Sometime later this year—perhaps this summer, perhaps this fall—an electric aircraft from NASA, the X-57, is set to take flight in California. It’s what NASA describes as its “first all-electric experiment aircraft,” and when it does lift off the ground, it won’t look the way that NASA has been depicting the plane on its website.
Instead of a whopping 14 electric motors and propellers, the aircraft will have just two. But those two motors, powered by more than 5,000 cylindrical battery cells in the aircraft’s fuselage, should be enough to get it up in the air before 2023 is over, which is when the X-57 program is set to power down, too.
Here’s what to know about how the plane will work, the challenges the program has faced, and how lessons from spaceflight helped inform the details of its battery system.
If the plane does indeed take flight this year as planned, it will do so in a form called Modification 2, which involves one electric motor and propeller on each wing giving the aircraft the thrust it needs to take to the skies.
While the aeronautics and space agency had hoped to fly the plane—which is based on a Tecnam P2006T—in additional configurations, known as Modifications 3 and 4, that won’t happen. Why? Because making a plane that flies safely on just electricity is hard, and the program is only funded through 2023. (IEEE Spectrum has more on the program’s original plans.)
“We’ve been learning a lot over the years, and we thought we’d be learning through flight tests—it turns out we had a lot of lessons to learn during the design and integration and airworthiness qualification steps, and so we ended up spending more time and resources on that,” says Sean Clark, the principle investigator for the X-57 program at NASA.
“And that’s been hugely valuable,” he adds. “But it means that we’re not going to end up having resources for those Mod 4 [or 3] flights.”
It will still fly as an all-electric plane, but in Mod 2, with two motors.
One glitch that the team had to iron out before the aircraft can safely take flight involves components that electricity from the batteries have to travel through before they reach the motors. The problem was with transistor modules inside the inverters, which change electricity from DC to AC.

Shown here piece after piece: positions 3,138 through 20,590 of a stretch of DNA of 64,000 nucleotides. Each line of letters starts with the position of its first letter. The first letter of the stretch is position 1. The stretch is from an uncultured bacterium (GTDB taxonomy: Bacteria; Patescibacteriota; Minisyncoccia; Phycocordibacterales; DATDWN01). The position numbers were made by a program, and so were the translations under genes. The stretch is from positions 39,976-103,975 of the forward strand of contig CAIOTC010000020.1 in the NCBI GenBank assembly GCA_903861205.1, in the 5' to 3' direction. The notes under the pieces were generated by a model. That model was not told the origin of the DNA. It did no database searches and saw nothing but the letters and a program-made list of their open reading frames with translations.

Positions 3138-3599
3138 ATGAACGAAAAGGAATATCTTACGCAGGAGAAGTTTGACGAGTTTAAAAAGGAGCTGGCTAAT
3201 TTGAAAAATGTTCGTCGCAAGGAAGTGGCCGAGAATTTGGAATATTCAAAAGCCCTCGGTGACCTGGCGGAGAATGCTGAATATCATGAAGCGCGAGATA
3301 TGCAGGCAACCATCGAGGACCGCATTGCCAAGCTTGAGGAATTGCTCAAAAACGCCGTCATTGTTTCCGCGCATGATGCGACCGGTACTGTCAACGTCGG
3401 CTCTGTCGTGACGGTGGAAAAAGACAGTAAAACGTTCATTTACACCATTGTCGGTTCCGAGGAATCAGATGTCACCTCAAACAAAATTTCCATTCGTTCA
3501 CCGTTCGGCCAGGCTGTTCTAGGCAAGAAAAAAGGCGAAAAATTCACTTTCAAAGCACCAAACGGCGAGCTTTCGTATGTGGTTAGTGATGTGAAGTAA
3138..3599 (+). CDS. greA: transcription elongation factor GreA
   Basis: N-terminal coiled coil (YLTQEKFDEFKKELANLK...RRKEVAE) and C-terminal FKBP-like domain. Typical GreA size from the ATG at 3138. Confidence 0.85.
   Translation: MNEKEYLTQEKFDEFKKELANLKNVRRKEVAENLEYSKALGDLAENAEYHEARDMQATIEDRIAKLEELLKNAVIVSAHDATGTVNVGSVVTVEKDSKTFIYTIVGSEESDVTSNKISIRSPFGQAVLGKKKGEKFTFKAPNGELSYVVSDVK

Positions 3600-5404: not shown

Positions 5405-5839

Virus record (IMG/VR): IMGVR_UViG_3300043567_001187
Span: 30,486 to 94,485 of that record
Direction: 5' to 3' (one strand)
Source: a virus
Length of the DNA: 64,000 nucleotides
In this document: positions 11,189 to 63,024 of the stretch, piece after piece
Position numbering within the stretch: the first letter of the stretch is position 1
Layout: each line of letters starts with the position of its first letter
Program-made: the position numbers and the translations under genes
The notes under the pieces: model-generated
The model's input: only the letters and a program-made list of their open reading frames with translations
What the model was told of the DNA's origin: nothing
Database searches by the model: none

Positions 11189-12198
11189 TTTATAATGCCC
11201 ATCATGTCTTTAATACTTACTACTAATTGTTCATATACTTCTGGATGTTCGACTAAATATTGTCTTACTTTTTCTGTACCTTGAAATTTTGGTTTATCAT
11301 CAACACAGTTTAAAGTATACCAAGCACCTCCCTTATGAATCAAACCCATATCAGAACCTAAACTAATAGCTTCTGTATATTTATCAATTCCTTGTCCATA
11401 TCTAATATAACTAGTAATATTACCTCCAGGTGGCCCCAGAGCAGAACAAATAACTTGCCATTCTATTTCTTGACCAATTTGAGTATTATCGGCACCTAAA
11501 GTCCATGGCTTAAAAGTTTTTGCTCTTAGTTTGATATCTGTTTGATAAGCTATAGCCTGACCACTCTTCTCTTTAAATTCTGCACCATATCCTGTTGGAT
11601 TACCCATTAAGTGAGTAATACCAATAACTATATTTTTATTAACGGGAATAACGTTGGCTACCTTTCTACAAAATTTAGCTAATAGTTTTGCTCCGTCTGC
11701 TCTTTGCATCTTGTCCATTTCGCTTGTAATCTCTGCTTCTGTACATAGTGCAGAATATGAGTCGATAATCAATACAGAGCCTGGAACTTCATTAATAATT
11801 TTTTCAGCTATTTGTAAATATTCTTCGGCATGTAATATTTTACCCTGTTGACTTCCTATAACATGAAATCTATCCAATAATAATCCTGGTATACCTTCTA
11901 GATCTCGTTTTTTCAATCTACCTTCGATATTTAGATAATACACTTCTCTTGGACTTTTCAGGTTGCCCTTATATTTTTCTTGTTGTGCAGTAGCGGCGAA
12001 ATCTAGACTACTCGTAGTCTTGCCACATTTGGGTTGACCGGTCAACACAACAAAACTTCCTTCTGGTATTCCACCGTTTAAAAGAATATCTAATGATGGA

“We were using these modules that are several transistors in a package—they were specced to be able to tolerate the types of environments we were expecting to put it in,” says Clark. “But every time we would test them, they would fail. We would have transistors just blowing up in our environmental test chamber.”
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A component failure—such as a piece of equipment blowing up—is the type of issue that aircraft makers prefer to resolve on the ground. Clark says they figured it out. “We did a lot of dissection of them—after they explode, it’s hard to know what went wrong,” he notes, lightheartedly, in a manner suggesting an engineer faced with a messy problem. The solution was newer hardware and “redesigning the inverter system basically from the ground up,” he notes.
They are now “working really well,” he adds. “We’ve put a full set through qualification, and they’ve all passed.”
Traditional aircraft burn fossil fuels, an obviously flammable and explosive substance, to power their engines. Those working on electric aircraft, powered by batteries, need to ensure that the battery cells don’t spark fires, either. Last year in Kansas, for example, an FAA-sponsored test featured a pack of aviation batteries being dropped by 50 feet to ensure they could handle the impact. They did.
In the X-57, the batteries are a model known as 18650 cells, made by Samsung. The aircraft uses 5,120 of them, divided into 16 modules of 320 cells each. An individual module, which includes both battery cells and packaging, weighs around 51 pounds, Clark says. The trick is to make sure all of these components are packaged in the right way to avoid a fire, even if one battery experiences a failure. In other words, failure was an option, but they plan to manage any failure so that it does not start a blaze. “We found that there was not an industry standard for how to package these cells into a high-voltage, high-power pack, that would also protect them against cell failures,” Clark says.
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Help came from higher up. “We ended up redesigning the battery pack based on a lot of input from some of the design team that works on the space station here at NASA,” he adds. He notes that lithium batteries on the International Space Station, as well as in the EVA suits astronauts use and a device called the pistol grip tool, were relevant examples in the process. The key takeaways involved the spacing between the battery cells, as well how to handle the heat if a cell did malfunction, like by experiencing a thermal runaway. “What the Johnson [Space Center] team found was one of the most effective strategies is to actually let that heat from that cell go into the aluminum structure, but also have the other cells around it absorb a little bit of heat each,” he explains.
NASA isn’t alone in exploring the frontier of electric aviation, which represents one way that the aviation industry could be greener for short flights. Others working in the space include Beta Technologies, Joby Aviation, Archer Aviation, Wisk Aero, and Eviation with a plane called Alice. One prominent company, Kitty Hawk, shuttered last year.
Sometime this year, the X-57 should fly for the first time, likely making multiple sorties. “I’m still really excited about this technology,” says Clark. “I’m looking forward to my kids being able to take short flights in electric airplanes in 10, 15 years—it’s going to be a really great step for aviation.”
Watch a brief video about the aircraft, below: